Many thanks for your support

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 Government is in the process of passing law in Parliament, so your NHS contract of employment will state something along the lines of,  to retain your employment status, you must ensure you comply with all legal and regulatory standards.

 

The regulations were laid in Parliament on 9 November 2021 and subject to parliamentary
passage will come into force on the 1 April 2022. If the regulations are approved,
unvaccinated individuals will need to have had their first dose of an approved COVID-19
vaccine by 3 February 2022 (this date is subject to change), in order to have received their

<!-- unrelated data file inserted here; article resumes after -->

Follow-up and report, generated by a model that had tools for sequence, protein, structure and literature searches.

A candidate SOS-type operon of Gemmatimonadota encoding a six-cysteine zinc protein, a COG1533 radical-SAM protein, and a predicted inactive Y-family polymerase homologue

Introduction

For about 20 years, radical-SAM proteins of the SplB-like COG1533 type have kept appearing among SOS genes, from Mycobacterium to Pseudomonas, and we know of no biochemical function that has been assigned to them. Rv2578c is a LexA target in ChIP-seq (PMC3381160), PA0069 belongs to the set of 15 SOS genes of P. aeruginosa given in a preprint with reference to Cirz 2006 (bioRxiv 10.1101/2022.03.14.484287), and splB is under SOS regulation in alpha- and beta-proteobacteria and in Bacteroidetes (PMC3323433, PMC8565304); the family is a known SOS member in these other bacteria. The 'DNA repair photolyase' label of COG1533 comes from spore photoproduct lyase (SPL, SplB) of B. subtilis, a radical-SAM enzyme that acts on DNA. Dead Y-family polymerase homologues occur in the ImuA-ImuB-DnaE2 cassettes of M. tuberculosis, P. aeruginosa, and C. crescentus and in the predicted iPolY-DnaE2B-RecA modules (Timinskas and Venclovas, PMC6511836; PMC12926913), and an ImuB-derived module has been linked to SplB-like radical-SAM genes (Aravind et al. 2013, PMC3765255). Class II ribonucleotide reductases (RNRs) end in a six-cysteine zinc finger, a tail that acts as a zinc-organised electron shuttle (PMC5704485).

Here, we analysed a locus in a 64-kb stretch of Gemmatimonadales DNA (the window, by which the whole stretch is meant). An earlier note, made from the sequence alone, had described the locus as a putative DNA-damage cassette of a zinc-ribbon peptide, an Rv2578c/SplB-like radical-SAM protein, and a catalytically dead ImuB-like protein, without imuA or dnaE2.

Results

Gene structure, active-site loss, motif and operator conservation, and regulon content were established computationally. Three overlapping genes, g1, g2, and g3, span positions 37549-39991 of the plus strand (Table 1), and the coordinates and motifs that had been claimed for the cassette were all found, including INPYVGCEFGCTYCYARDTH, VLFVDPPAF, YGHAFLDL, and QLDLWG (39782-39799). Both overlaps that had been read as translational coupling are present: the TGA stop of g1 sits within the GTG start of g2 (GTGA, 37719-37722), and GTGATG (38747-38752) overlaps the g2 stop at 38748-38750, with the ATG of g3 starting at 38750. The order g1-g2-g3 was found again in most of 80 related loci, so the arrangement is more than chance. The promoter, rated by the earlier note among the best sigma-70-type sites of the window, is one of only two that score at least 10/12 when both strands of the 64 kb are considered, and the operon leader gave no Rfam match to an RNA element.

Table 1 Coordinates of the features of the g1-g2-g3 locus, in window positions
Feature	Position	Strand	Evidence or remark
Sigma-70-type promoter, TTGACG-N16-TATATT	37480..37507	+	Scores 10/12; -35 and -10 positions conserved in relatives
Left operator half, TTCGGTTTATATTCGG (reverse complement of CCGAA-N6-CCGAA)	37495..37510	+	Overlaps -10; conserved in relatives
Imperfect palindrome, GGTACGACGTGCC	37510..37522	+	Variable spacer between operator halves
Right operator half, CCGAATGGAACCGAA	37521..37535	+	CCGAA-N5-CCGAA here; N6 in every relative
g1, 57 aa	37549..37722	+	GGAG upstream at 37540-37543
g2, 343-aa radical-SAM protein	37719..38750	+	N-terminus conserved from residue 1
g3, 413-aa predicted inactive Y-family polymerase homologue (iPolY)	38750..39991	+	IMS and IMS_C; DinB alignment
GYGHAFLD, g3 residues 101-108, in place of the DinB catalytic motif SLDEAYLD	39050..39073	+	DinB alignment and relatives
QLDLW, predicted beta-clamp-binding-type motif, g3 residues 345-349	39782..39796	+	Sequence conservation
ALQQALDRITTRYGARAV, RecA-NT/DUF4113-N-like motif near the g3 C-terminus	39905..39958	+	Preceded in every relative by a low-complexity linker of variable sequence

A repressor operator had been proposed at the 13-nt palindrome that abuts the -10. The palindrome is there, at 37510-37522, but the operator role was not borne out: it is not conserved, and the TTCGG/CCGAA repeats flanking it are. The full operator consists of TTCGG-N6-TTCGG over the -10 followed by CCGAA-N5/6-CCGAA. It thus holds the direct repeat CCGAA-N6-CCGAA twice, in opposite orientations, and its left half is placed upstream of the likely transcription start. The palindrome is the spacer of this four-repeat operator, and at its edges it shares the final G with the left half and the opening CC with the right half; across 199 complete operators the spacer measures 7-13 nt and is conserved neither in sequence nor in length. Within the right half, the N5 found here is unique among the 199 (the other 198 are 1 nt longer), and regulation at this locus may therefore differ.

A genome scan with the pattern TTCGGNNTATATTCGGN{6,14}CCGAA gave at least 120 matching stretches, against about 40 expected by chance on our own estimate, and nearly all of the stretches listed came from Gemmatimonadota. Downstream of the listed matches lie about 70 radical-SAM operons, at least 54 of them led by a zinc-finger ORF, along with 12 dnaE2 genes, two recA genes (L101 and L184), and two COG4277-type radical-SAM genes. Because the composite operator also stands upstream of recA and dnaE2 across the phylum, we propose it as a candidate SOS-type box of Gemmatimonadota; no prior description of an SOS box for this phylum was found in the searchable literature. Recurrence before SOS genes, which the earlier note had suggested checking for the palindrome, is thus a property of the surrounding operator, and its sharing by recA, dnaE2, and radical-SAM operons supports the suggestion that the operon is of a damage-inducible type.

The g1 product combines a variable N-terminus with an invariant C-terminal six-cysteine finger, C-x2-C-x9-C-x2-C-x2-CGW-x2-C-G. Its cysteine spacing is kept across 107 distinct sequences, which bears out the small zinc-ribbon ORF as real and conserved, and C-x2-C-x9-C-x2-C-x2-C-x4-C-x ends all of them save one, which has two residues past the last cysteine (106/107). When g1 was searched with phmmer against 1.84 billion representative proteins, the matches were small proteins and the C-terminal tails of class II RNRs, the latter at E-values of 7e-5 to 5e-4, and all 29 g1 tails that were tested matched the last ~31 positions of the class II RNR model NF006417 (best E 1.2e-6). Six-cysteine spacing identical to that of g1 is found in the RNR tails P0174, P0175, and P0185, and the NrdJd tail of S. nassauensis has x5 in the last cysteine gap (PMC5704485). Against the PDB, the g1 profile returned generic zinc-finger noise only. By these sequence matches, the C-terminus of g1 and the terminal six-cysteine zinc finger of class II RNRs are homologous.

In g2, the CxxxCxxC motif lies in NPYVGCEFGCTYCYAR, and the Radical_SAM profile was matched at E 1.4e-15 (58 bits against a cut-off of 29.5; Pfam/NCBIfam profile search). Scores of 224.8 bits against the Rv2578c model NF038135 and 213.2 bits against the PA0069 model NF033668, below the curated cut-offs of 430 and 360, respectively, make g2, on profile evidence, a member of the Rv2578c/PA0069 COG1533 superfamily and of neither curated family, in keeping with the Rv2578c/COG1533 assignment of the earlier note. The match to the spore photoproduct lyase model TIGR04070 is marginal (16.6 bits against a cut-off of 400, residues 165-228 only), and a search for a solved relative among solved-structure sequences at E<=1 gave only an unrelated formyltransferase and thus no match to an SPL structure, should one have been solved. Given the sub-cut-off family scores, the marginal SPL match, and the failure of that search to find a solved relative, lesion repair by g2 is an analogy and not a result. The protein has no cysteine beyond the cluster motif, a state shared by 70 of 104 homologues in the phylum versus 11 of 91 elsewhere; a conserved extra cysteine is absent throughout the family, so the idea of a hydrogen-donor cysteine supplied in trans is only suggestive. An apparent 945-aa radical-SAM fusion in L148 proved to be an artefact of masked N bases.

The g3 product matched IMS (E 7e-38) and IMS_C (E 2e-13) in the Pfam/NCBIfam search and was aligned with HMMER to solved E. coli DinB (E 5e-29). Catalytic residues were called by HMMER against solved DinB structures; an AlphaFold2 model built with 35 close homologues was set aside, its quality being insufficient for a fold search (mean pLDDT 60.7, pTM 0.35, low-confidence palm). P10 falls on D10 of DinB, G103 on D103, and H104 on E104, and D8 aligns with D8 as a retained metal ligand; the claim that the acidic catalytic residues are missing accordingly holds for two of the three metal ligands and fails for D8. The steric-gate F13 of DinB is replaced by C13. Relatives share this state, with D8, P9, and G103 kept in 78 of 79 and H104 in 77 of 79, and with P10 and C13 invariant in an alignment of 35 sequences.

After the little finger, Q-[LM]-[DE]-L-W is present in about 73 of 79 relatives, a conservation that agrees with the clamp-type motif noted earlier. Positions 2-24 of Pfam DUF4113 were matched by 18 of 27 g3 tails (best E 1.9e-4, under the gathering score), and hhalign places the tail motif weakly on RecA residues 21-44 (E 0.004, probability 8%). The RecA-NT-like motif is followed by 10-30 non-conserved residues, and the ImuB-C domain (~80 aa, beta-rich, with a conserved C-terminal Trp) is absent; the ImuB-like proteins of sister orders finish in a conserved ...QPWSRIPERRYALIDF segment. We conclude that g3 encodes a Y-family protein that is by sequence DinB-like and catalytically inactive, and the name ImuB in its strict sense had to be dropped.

second dose by the 31 March 2022 deadline.

 

So your existing contract of employment would not need to be amended and if you did not qualify for a Covid vaccination exemption, your employment would be ended after giving you notice.

 

https://www.england.nhs.uk/coronavirus/wp-content/uploads/sites/52/2021/12/C1470-vcod-for-healthcare-workers-planning-and-preparation-guidance.pdf

 

Clinical exemptions
Some individuals may have grounds not to have the vaccine for clinical reasons. Anyone who is unable to get vaccinated for clinical reasons will have to use the NHS COVID Pass to show their exemption status.7
The domestic NHS COVID Pass will look and work in the same way for people with clinical exemptions as it will for people who are fully vaccinated. The pass will not show that a worker has a clinical exemption. Workers will receive a confirmation letter which they should